10 21 Nitrogen Cycle2


Published on

Published in: Technology, Business
  • Be the first to comment

  • Be the first to like this

No Downloads
Total views
On SlideShare
From Embeds
Number of Embeds
Embeds 0
No embeds

No notes for slide

10 21 Nitrogen Cycle2

  1. 1. Nitrogen Cycle Term: Legume
  2. 2. www.sciencedaily.com/releases/2009/04/090414110818.htm <ul><li>Go to sciencedaily.com & search for soybeans & aphids </li></ul><ul><li>Read the Article from April 20 th </li></ul><ul><li>Are rhizobia specific to legume species </li></ul><ul><li>Do naturally occurring rhizobia or commercially inoculated rhizobia provide better resistance? </li></ul><ul><li>Does the source of the rhizobia influence the effectiveness of nitrogen fixation? </li></ul>
  3. 3. Legumes <ul><li>Plants that have a symbiotic relationship with bacteria that grow in nodules on their roots. </li></ul><ul><li>Soybeans – widely rotated with corn crops to revitalize soil </li></ul><ul><li>Vetch & Clovers – Cover crops – green manure </li></ul><ul><li>Clovers & Alfalfa - grown to improve hay crops & pasture. </li></ul>
  4. 4. Other Legumes <ul><li>Red bud trees </li></ul><ul><li>Locust Trees </li></ul><ul><li>Beans </li></ul><ul><li>Peas </li></ul><ul><li>Most plants that form Pods </li></ul>
  5. 5. Rhizobia <ul><li>Rhizobia are specific to legume species </li></ul><ul><li>The naturally occurring bacteria were more effective at creating resistance against the aphid than the imported bacteria. </li></ul><ul><li>Older generations of rhizobia are more effective than the new ones </li></ul><ul><li>The rhizobia compete for space to grow on the roots </li></ul><ul><li>Naturalized rhizobia are as effective in nitrogen fixation as the commercial ones. </li></ul>
  6. 6. Nitrogen & Fertilizer <ul><li>Industrialized countries began producing chemical fertilizers after WWI </li></ul><ul><ul><li>Haber Process </li></ul></ul><ul><li>Manufactured nitrogen begins with the production of ammonia (NH 3 ). </li></ul><ul><li>Ammonia is a gas that is produced when atmospheric N 2 is combined with hydrogen from fossil fuels - also called anhydrous ammonia </li></ul><ul><li>Stored under pressure </li></ul><ul><li>When fuel prices ↑, fertilizer prices ↑ </li></ul>
  7. 7. Ammonia Fertilizers NH 3 Nitric Acid Sulfuric Acid Phosphoric Acid Carbon Dioxide Anhydrous Ammonia Ammonium Nitrate Ammonium Sulfate Ammonium Phosphate Urea
  8. 8. Nitrogen Fixation <ul><li>Conversion of Inert N 2 into bio-usable forms </li></ul><ul><li>atmospheric fixation by lightning </li></ul><ul><li>biological fixation by certain microbes </li></ul><ul><ul><li>alone </li></ul></ul><ul><ul><li>symbiotic relationship with some plants and animals </li></ul></ul><ul><li>industrial fixation – Haber Process </li></ul>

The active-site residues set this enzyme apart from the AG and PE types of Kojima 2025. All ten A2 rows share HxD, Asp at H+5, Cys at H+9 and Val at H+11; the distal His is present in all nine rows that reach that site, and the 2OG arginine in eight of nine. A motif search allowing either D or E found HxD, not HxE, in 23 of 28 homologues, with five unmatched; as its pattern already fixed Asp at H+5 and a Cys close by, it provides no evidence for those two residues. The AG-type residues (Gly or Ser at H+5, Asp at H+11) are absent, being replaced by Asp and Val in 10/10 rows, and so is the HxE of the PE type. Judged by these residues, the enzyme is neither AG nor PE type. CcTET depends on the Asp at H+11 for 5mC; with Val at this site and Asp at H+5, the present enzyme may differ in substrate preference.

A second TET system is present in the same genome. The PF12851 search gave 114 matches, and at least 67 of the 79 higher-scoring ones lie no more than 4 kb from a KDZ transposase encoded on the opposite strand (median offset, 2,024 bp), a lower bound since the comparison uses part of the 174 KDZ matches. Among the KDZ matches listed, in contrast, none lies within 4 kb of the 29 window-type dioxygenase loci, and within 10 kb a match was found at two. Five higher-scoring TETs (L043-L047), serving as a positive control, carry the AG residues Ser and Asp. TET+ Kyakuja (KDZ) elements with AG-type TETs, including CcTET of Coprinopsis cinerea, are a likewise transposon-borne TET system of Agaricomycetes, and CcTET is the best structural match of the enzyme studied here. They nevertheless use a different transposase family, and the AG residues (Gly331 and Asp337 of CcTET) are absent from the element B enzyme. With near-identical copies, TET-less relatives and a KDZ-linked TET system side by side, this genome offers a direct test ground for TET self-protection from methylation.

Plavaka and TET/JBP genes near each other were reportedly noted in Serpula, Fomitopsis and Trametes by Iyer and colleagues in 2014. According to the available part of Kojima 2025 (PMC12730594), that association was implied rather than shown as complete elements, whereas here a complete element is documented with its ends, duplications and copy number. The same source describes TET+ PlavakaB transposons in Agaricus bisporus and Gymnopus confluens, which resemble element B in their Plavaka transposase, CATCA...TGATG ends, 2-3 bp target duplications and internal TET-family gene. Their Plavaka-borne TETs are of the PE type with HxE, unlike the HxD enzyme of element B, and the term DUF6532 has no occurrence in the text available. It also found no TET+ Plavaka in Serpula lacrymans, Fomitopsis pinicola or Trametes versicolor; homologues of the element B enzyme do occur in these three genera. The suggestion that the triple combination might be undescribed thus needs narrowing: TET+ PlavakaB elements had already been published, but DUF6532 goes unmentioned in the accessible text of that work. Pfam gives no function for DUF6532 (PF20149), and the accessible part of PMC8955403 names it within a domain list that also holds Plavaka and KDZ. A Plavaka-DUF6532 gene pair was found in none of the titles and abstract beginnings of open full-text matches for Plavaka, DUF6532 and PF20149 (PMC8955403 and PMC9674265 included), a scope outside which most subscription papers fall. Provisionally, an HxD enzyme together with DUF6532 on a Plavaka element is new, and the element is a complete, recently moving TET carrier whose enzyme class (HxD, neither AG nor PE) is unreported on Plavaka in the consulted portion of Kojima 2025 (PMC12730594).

9. 9. Nitrification <ul><li>Nitrification – whatever form of ammonia is applied to the soil, it must be converted to be used by plants </li></ul><ul><ul><li>NH 3 + Nitrosomonas -> NO 2 </li></ul></ul><ul><ul><li>NO 2 + Nitrobacter -> NO 3 </li></ul></ul><ul><li>NO 3 Very soluble form </li></ul><ul><ul><li>Only held loosely by soil colloids (clay & humus) </li></ul></ul><ul><ul><li>~ 5% of NO 3 dissolves in water and is lost by leaching </li></ul></ul>
  10. 10. Denitrification <ul><li>In saturated soils </li></ul><ul><li>Anaerobic Conditions (No oxygen) </li></ul><ul><li>Bacteria convert NO 3 to elemental Nitrogen (N 2 ) which is a gas and returns to atmosphere </li></ul><ul><li>30 -40% of applied Nitrogen if area has been flooded for 3-5 days </li></ul>
  11. 11. Volatilization <ul><li>Occurs when urea is converted to ammonium carbonate </li></ul><ul><li>Ammonium carbonate breaks down in warm moist soils to ammonia gas and carbon dioxide </li></ul><ul><li>Ammonia gas evaporates into the atmosphere. </li></ul>
  12. 12. Decay <ul><li>The proteins made by plants enter and pass through food webs just as carbohydrates do. </li></ul><ul><li>At each trophic level , their metabolism produces organic nitrogen compounds that return to the environment, chiefly in excretions. </li></ul><ul><li>The final beneficiaries of these materials are microorganisms of decay. </li></ul><ul><li>They break down the molecules in excretions and dead organisms into ammonia . </li></ul>
  13. 13. Carbon – Nitrogen Ratio <ul><li>The rate of decomposition of decaying plants depends on the C:N ratio </li></ul><ul><li>C:N ratios of 25:1 or less decompose quickly and make Nitrogen available to plants (mineralization) </li></ul><ul><li>C:N ratios of 25:1 or more cannot decompose with out drawing nitrogen out of the soil (immobilization) </li></ul><ul><li>Humus has a C:N ratio of 12:1 and has completely decomposed </li></ul><ul><li>Implications for mulch and composting </li></ul>
  14. 14. The Nitrogen Cycle <ul><li>N 2 - Nitrogen Gas 78% of air - Inert </li></ul><ul><li>NH 4 – Ammonium ion – Made by bacteria </li></ul><ul><li>NH 3 – Ammonia - Made by Haber-Bosch process. Industrial N fixation </li></ul><ul><li>NO 2 – Nitrite ion – Very toxic to plants – Bacteria convert it to Nitrate </li></ul><ul><li>NO 3 – Nitrate ion – Form used by plants Very soluble – quickly leaches out of soil </li></ul>
  15. 16. <ul><li>Video </li></ul>